If government corruption affects the stability of the national currency, it’s only natural that citizens will turn to gold or other assets like Bitcoin (BTC) to invest their savings. It offers them a sense of financial control in an otherwise unstable market.
And it’s not just investing that is feeling the impact of crypto. This technology has the capacity to change the way we live. The freedom to travel and transact is a fundamental right everyone should have, and cryptocurrency adoption is all about providing freedom.
The world is becoming easier to navigate, and people are increasingly traveling to parts that are not equipped to deal with tourism. Often travelers can be caught out in less developed countries with no access to ATMs and a shortage of reliable ways to pay for goods. The use of digital currencies and smartphones could become the best solution.
Imagine not having to search for the best exchange rates or having to carry the local fiat currency around in a wallet. This is freedom. Paying for goods and services on a mobile phone — and even a watch — has been an increasing phenomenon with services like Apple Pay and Google Pay on Android.
According to research, the amount of people who own mobile phones around the world is on the rise. Ownership levels in developing economies are highest in Vietnam, where 97% of adults own a mobile device, although about 90% or more also own one in Jordan, Tunisia, Colombia, Kenya, Lebanon and South Africa. Ownership is lowest in Venezuela, India and the Philippines, but even in these countries, about 70% of adults own a mobile device.
In the future, more hotels, restaurants and shops will be set up with crypto wallets on a smartphone or similar device to accept global payments in seconds — and this may happen in the developing world faster than the developed world.
The travel industry is one of the biggest industries in the world with around $1.7 trillion expected to be spent this year alone, making it the world’s second-fastest-growing industry. Now, crypto travel companies are making global crypto travel a reality.
As with all technology development, government and community help are paramount. The state government of Queensland in Australia is committed to technological innovation within the travel industry.
They have helped to make the Brisbane airport the first in the world to have 30 merchants accept cryptocurrency. In fact, Queensland is trailblazing crypto tourism with the regional town of Agnes Water, located at the southern end of Australia’s Great Barrier Reef. Here, travelers can find more than 40 businesses that accept crypto, allowing them to pay with Bitcoin for their accommodations, meals and even a day tour to the reef.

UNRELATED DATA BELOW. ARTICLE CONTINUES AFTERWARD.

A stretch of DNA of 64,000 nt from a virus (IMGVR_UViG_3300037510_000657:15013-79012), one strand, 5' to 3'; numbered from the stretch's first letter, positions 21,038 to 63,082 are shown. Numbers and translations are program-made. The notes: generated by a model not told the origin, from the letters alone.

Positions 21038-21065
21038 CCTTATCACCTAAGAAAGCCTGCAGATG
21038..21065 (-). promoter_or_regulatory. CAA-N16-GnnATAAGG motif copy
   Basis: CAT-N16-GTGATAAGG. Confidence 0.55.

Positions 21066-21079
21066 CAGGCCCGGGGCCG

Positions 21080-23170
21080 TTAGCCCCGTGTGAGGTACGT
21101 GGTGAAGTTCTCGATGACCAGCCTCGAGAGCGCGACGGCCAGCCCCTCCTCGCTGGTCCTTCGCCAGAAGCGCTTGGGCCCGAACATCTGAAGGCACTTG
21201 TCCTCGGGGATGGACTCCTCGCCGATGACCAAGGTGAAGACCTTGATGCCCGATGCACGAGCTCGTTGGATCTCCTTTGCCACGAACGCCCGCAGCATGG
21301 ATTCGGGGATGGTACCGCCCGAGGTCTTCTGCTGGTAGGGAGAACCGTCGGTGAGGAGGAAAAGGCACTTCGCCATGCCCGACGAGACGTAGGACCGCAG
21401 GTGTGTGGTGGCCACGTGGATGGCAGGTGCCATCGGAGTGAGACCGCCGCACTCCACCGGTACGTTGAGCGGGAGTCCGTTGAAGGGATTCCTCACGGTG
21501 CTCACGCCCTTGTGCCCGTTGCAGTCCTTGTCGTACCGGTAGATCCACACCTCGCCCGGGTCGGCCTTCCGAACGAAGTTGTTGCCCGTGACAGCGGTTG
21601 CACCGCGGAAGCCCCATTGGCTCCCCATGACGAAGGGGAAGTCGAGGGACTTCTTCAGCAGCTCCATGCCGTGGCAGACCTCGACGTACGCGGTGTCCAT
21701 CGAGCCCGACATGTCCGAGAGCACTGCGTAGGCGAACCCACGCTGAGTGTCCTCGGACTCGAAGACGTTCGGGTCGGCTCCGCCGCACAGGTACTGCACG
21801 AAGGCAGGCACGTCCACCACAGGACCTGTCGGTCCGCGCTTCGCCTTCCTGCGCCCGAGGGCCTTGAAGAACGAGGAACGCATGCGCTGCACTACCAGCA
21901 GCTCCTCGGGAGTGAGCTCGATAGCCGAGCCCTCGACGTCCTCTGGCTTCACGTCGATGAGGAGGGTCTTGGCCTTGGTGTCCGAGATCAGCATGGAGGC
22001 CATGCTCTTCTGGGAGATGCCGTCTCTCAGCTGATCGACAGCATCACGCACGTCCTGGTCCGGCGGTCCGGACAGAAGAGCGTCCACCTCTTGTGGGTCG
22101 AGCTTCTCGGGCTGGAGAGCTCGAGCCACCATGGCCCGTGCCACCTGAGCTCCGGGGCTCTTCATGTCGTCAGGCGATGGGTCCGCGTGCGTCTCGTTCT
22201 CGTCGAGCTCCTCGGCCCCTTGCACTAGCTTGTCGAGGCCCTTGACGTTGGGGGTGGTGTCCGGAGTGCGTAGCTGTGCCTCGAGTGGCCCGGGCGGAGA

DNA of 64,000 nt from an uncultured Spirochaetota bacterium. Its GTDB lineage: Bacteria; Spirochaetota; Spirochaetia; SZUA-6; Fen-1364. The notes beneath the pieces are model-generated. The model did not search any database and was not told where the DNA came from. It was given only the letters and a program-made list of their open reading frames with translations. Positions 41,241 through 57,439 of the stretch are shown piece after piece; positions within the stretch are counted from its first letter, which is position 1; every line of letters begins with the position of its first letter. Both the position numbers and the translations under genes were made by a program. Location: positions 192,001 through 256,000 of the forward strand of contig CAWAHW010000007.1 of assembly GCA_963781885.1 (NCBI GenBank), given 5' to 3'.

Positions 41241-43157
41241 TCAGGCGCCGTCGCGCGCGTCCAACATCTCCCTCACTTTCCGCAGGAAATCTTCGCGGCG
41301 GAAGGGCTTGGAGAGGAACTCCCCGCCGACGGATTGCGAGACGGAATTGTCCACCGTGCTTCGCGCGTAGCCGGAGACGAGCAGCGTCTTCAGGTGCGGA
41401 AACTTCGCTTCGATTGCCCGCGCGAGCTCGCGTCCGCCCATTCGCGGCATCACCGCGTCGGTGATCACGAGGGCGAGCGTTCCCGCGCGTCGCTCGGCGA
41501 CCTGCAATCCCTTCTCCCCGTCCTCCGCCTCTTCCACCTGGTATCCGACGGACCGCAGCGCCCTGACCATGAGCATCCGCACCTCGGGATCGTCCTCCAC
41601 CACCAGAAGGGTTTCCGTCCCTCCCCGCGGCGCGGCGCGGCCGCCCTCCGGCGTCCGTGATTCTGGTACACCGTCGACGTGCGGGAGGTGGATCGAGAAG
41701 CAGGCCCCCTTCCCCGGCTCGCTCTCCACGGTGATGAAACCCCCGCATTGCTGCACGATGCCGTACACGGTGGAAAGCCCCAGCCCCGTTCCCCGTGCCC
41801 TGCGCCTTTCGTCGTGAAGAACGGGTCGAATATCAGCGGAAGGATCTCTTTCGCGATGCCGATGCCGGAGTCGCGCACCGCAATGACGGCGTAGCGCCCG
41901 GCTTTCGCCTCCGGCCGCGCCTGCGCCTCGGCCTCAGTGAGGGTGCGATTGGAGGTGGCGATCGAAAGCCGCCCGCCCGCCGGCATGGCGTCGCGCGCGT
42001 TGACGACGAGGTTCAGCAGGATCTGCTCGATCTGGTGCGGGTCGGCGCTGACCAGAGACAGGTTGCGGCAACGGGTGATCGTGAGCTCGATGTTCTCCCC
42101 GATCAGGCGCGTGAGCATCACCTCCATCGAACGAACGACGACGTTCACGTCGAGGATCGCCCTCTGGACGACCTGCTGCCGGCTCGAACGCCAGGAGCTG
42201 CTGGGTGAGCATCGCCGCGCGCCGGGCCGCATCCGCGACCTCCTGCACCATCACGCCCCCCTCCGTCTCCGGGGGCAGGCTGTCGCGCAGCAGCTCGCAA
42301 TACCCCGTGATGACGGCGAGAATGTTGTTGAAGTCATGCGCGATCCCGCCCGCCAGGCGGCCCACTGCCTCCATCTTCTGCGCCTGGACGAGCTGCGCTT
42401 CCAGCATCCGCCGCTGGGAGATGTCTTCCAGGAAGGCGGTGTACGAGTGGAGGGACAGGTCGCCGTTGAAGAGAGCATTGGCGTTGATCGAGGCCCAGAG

Additionally, travel giant Expedia is now back in the crypto game, having stepped out of it in 2018 when they stopped accepting Bitcoin payments directly through their platform. Now, they are offering cryptocurrency holders the ability to book their travels and holidays through the site and giving them access to thousands of hotels around the world.
Helping the unbanked
The figures speak for themselves. Globally, there are around 1.7 billion adults who are unbanked, mostly in developing countries like India, Egypt and parts of Africa. Without a fiat bank account, people from these countries can struggle to participate in the global economy. This affects many of the developing countries and their ability to trade in the world market. Crypto adoption can help change that.
It is important to understand that while it is still in the very early stages of adoption, crypto is much more than just a speculative asset, but it also has the ability to be used in the same way as any currency.
However, problems do exist. For example, many businesses that accept crypto for their services will charge users a high premium, which poses a barrier to adoption. This must be addressed and changed. Crypto must be usable, which is why it is important to provide incentives for early adopters.
Visa debit cards that convert crypto into fiat are becoming more common and are helping to grow the ecosystem. Allowing users to use cryptocurrency anywhere that accepts credit card payments will broaden adoption and take off.
Enticing users into the space with incentives will also help drive adoption, and as with credit card payments, more competition in the marketplace will help drive down fees. As crypto becomes more widely used, it will become more attractive to those who have never experimented with it and will lead more individuals to “give it a try.” This can only be a good thing for the wider crypto travel industry.
The views, thoughts and opinions expressed here are the author’s alone and do not necessarily reflect or represent the views and opinions of Cointelegraph.
Caleb Yeoh is the CEO of TravelbyBit, an Australia-based company that has been instrumental in driving crypto adoption in Australia. Its travel booking platform was launched with the help of Binance, and lets travelers book their flights and hotels with cryptocurrency and earn rewards by doing so.